Bedross Der Mattossian, history, and author of the book “Shattered Dreams of Revolution: From Liberty to Violence in the Late Ottoman Empire,” was quoted in a March 11 Newsweek article on Turkish President Recep Tayyip Erdogan tweeting in Armenian for the first time. Erdogan’s tweet expressed condolences after the death of Armenian Patriarch Mesrob Mutafyan. Der Mattossian said he thought the tweet was aimed at influencing the election for a new patriarch.

A Nebraska consortium’s proposal to relocate the U.S. Department of Agriculture’s Economic Research Service and National Institute of Food and Agriculture to Nebraska Innovation Campus has advanced to the next round. Stories on the news appeared in 13 Nebraska media outlets, including the Lincoln Journal Star, and a few others.

The university was mentioned in a March 12 Business Insider feature listing Lincoln as one of the 50 happiest cities in America. Lincoln ranked 36th.

Nebraska agricultural land values declined by 3 percent over the last year, according to preliminary results from the university’s Farm Real Estate Market Survey. Stories on the survey results appeared in Nebraska Farmer, the Rural Radio Network, Scottsbluff Star-Herald, Waverly News and AgFax.

John Hibbing and Kevin Smith, political science, were cited in a March 13 New York Times opinion piece on partisan hostility increasing in the United States.

Hibbing was also interviewed for a March 25 Pacific Standard article on whether Robert Mueller’s report on Russian interference in the 2016 election would change anyone’s views. He said he assumed reactions to the report would follow patterns of motivated reasoning, which allows people who are especially attuned to politics to reject any information that does not fit their views.

Kwame Dawes, English, has won a prestigious Windham-Campbell Prize. Dawes is the author of 20 books of poetry and numerous other works of fiction and nonfiction. Stories on the prize win appeared in 12 Nebraska media outlets, including the Omaha World-Herald; The Guardian; Los Angeles Times; USA Today; and several other media outlets.

Wes Peterson, agricultural economics, was interviewed for a March 16 Yahoo Finance article on the effects of the ongoing U.S.-China trade war.

Yiqi Yang, textiles, merchandising and fashion design, and biological systems engineering, was quoted in a March 18 ThomasNet News article on sustainability efforts in textile production. He said many textiles are currently produced in “environmentally problematic ways.”

Ken Dewey, geography, and a regional climatologist, was interviewed for a March 18 Forbes article on the “bomb cyclone” that has caused widespread flooding in the Great Plains.

Christos Argyropoulous, electrical and computer engineering, discussed how he became interested in science, tips for effective collaboration, daily habits that have helped him be successful, advice for young scientists and what he is looking forward to next in a March 19 interview for Optics and Photonics News.

John Benson, assistant professor in the School of Natural Resources, and colleagues have shown that two populations of mountain lions in Southern California could go extinct in the next 50 years due to inbreeding and connectivity issues. Cities, real estate and freeways keep the lions from breeding with other populations. Stories on the research appeared in Capitol Public Radio, Gizmodo, the Los Angeles Times, and U.S. News and World Report.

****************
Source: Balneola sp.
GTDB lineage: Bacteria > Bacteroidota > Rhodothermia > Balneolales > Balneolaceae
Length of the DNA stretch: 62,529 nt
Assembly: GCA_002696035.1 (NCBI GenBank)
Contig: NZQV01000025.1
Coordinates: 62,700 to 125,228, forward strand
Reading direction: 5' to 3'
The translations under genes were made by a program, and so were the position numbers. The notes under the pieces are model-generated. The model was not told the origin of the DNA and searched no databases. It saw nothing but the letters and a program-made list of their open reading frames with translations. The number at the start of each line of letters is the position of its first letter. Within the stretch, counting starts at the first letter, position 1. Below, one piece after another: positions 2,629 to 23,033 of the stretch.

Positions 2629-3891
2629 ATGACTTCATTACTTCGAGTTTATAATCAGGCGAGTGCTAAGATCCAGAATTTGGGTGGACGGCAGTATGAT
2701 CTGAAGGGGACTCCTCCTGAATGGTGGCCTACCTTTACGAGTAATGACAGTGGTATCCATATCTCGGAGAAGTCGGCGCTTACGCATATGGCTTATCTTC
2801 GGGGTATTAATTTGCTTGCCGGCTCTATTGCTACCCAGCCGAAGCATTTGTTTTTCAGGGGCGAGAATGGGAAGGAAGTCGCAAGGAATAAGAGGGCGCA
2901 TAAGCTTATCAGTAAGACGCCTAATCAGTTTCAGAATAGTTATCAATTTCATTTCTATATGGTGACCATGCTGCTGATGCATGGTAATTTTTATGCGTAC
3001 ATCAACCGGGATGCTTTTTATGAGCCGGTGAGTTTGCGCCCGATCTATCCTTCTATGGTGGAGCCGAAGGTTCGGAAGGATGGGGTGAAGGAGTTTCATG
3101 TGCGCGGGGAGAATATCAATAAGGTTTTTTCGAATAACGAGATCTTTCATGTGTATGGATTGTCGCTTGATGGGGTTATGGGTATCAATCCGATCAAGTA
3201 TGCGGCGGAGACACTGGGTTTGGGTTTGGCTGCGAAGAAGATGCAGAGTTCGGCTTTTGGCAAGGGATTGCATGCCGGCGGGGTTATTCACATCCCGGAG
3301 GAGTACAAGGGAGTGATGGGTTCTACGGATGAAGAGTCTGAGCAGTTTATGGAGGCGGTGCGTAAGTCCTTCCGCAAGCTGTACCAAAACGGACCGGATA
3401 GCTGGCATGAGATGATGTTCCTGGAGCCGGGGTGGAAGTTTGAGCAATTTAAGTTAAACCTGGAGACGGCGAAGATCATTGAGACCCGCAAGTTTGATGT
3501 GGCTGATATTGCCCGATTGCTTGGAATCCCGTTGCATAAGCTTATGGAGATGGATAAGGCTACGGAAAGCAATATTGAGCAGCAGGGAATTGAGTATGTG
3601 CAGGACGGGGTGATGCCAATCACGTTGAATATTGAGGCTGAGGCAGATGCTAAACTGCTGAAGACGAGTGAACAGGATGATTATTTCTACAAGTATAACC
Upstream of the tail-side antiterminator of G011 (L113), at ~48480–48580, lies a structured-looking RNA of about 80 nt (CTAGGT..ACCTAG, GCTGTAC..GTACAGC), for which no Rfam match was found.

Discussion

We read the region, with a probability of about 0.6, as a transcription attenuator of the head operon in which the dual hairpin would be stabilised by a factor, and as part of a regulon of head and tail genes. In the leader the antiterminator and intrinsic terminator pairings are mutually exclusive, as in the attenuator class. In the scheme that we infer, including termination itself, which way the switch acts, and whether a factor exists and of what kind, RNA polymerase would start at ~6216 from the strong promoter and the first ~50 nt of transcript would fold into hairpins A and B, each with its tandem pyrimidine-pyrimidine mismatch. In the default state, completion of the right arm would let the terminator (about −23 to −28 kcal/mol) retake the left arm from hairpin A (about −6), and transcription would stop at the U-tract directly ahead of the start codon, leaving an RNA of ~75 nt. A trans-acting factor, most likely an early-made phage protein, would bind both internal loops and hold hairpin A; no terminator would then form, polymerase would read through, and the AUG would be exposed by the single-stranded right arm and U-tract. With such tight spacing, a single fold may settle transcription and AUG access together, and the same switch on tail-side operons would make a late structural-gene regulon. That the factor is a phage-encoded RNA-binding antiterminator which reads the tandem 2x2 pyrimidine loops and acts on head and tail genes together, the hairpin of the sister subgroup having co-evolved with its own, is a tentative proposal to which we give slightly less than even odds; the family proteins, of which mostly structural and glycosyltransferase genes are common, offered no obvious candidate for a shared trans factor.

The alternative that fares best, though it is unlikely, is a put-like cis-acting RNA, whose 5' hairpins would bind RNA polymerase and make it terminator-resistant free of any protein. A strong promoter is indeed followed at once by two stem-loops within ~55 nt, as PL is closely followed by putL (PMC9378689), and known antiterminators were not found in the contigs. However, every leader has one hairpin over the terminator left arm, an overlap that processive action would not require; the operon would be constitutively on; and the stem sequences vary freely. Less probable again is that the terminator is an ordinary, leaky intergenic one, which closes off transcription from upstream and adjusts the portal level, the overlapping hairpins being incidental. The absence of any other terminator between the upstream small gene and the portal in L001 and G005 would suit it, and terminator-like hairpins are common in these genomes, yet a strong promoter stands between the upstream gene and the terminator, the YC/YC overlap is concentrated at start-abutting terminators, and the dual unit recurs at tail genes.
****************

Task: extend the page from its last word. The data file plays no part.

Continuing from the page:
A recent George Will column mentioned Don Winslow’s latest book, “The Border.” Winslow earned his bachelor’s and master’s degrees from Nebraska.

A new study by researchers at the University of Missouri and University of Nebraska–Lincoln has found that men often use five metaphors — “lost gift,” “cataclysm” “death of a loved one,” “emptiness” and “chaotic movement” — to describe the physical, emotional and relational implications of their partner’s miscarriage. The research expands upon a communication model created by Haley Kranstuber Horstman, professor of communication at Missouri, and Jody Koenig Kellas, communication studies. Stories on the research appeared in Futurity and a few other media outlets.

David Yuill, architectural engineering, wrote a March 22 piece for The Conversation on his research showing that cleaning an air-conditioner condenser makes little or no difference in a unit’s performance. The story was picked up by the Houston Chronicle, New Haven Register and a few other media outlets.

The Minneapolis Star-Tribune published an article March 22 on Robert Zink’s new book, “The Three-Minute Outdoorsman Returns.” Zink is a conservation biologist and professor in the School of Natural Resources.

An interdisciplinary team from the university has developed precision technology to help livestock producers continuously monitor animals and use the resulting data to improve animal well-being. The team includes Nebraska electrical and computer engineers Lance C. Pérez, Eric Psota and Mateusz Mittek, and animal scientists Ty Schmidt and Benny Mote, who developed the technology system using video footage of pigs. The Fence Post, National Hog Farmer and Pork magazine have run stories on the new technology.

A 2012 study by University of Nebraska–Lincoln researchers was cited in a March 26 Psychology Today article on how anxiety warps one’s perception. The study found that people who pay more attention to aversive images tend to be more conservative politically.

David Hage, chemistry, was involved with recent research showing how the body transports testosterone and explaining why patients on certain medications have low levels of the hormone. Stories on the research appeared in WCAV/WVAW/WAHU in Charlottesville, Virginia, and a few other media outlets.

Heather Richards-Rissetto, anthropology, was interviewed for a March 28 story on scientists using ground-penetrating radar to find remnants of a mid-1800s military installation below the recreation yard of the defunct Alcatraz Federal Penitentiary on Alcatraz Island. Richards-Rissetto, who uses lidar and photogrammetry in her research, discussed how technology is transforming archaeology.

Michael Sealy, mechanical and materials engineering, uses hybrid manufacturing to produce biodegradable medical implants. His work was mentioned in a March 29 Orthopedic Design and Technology article on laser manufacturing of medical devices.

Faculty, administration, student and staff appearances in the national media are logged at
 If you have additions to this list, contact Sean Hagewood at or 402-472-8514. If you have suggestions for national news stories, contact Leslie Reed at or 402-472-2059.

Recent News